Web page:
Her name was Betty. She was the middle child of seven children. She wanted to be a nurse. But it was the 1920s and her family didn’t have much money.
Her father wasn’t inclined pay for an education, at least not one for a girl, so she worked her way through nursing school on her own.
One of her early jobs was at Grady Hospital in Atlanta, back when it was segregated. She was a skinny young blonde girl who had been raised in the South. But she quickly figured out that if she asked to be assigned to the “colored ward” she would be allowed to do more procedures.
There was a tunnel under the street linking the colored ward with the main hospital and the white doctors didn’t make the trek over very often. So Betty found herself handling emergencies, dealing with families, and pretty much in charge most of the time.
She might have come into the job with some prejudices of her own, but she saw that she was needed. So she willingly jumped in to serve a group of patients that many others neglected.
She didn’t marry until she was 25, an age when most of her family had written her off as an old maid.
She further surprised them, because instead of immediately having babies, she and her lawyer husband moved to Washington, D.C., where Betty got her Master’s Degree from Catholic University.
She later became the Chief Nurse at the U.S. Veterans Hospital in Washington, caring for yet another under-served group of patients. She had her first child when she was 31, and went back to work, becoming a working mother long before the phrase even existed.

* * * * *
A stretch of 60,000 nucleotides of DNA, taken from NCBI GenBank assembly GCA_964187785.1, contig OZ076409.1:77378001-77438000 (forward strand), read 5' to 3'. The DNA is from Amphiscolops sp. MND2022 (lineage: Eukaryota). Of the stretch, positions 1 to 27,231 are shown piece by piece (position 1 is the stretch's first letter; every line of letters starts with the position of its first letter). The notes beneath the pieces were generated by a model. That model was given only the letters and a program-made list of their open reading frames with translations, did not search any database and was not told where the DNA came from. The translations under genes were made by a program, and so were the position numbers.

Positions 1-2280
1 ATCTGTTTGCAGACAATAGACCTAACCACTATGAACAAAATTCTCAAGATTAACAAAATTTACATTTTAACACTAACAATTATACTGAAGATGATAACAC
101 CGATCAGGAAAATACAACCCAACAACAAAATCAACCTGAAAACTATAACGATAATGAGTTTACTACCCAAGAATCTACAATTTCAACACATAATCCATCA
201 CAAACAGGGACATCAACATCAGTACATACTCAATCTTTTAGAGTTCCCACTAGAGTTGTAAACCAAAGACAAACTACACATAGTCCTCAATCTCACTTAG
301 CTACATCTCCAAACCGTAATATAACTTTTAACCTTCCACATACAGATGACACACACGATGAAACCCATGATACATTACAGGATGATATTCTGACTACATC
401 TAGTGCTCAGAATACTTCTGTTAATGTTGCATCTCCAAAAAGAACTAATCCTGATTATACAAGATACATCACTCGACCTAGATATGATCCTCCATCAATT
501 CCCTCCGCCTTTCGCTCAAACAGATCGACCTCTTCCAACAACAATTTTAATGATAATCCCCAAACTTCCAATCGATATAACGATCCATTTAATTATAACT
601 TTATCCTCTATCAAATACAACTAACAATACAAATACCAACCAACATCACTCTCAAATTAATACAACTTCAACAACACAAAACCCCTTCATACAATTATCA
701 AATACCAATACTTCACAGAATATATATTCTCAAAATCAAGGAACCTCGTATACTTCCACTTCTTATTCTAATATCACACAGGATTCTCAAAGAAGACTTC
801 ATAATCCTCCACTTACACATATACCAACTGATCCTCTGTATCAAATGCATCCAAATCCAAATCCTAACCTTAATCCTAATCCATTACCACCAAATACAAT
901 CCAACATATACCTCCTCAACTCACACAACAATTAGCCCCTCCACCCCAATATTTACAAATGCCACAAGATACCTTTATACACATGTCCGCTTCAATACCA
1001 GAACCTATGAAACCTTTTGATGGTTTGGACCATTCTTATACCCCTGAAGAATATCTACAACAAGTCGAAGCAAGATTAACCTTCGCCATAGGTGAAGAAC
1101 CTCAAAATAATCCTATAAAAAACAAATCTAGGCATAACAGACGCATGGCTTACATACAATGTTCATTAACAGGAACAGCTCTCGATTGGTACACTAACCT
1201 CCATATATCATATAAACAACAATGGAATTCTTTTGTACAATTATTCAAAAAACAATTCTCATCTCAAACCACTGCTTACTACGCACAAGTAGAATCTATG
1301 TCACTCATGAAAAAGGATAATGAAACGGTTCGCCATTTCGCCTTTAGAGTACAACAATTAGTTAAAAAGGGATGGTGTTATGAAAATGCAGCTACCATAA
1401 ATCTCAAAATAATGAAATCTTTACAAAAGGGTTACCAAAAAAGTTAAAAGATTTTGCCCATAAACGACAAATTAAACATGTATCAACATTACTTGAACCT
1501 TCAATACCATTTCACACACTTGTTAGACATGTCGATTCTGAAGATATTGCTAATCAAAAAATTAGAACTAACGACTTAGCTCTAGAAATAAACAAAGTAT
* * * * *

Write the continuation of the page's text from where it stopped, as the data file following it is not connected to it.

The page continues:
She had her second child at 38. In the seven years in between her two children she co-authored, “Anatomy and Physiology,” a textbook that was used by most of the medical schools in the country.
She went on to become a Chief of Public Health Nursing, and later an instructor at American University and the Education Director of a major teaching hospital.
Marriage at 25, a Master’s after that, a big job before her first baby, a published book before her second child and a career that included public and private sector work as well as teaching at a University level. It would be an ambitious path for a woman today, but for a girl born in 1905, it was pretty big stuff.
Over the course of her career, Betty touched the lives of thousands, perhaps even millions of patients, students and staff. It’s hard to imagine how many hands she held, how much care she gave, how many people she taught, and how many lives she saved.
After she retired, she spent her time sewing, gardening, volunteering and doting on her grandchildren. Once she even made clothes for her granddaughter’s Barbie. By then it was the 1970s. Barbie’s wardrobe consisted of go-go boots, swimsuits and miniskirts.
But Betty thought it was important for her granddaughter to know that Barbie could have a career. So she helped her granddaughter make Barbie a nurse’s uniform, telling her, “The world always needs someone who knows how to take care of people.”
She passed away in 1989.
She was a teacher. She was a nurse. She was trail-blazer.
She was my grandmother.
isa Earle McLeod is a sales leadership consultant. Companies like Apple, Deloitte and Pfizer hire her to create passionate, purpose-driven organizations. She is the author of The Triangle of Truth, A Washington Post Top 5 Book for Leaders. She has been featured The Today Show and in Forbes, Fortune, and The Wall Street Journal. Download over 500 FREE articles at www.LisaEarleMcLeod.com.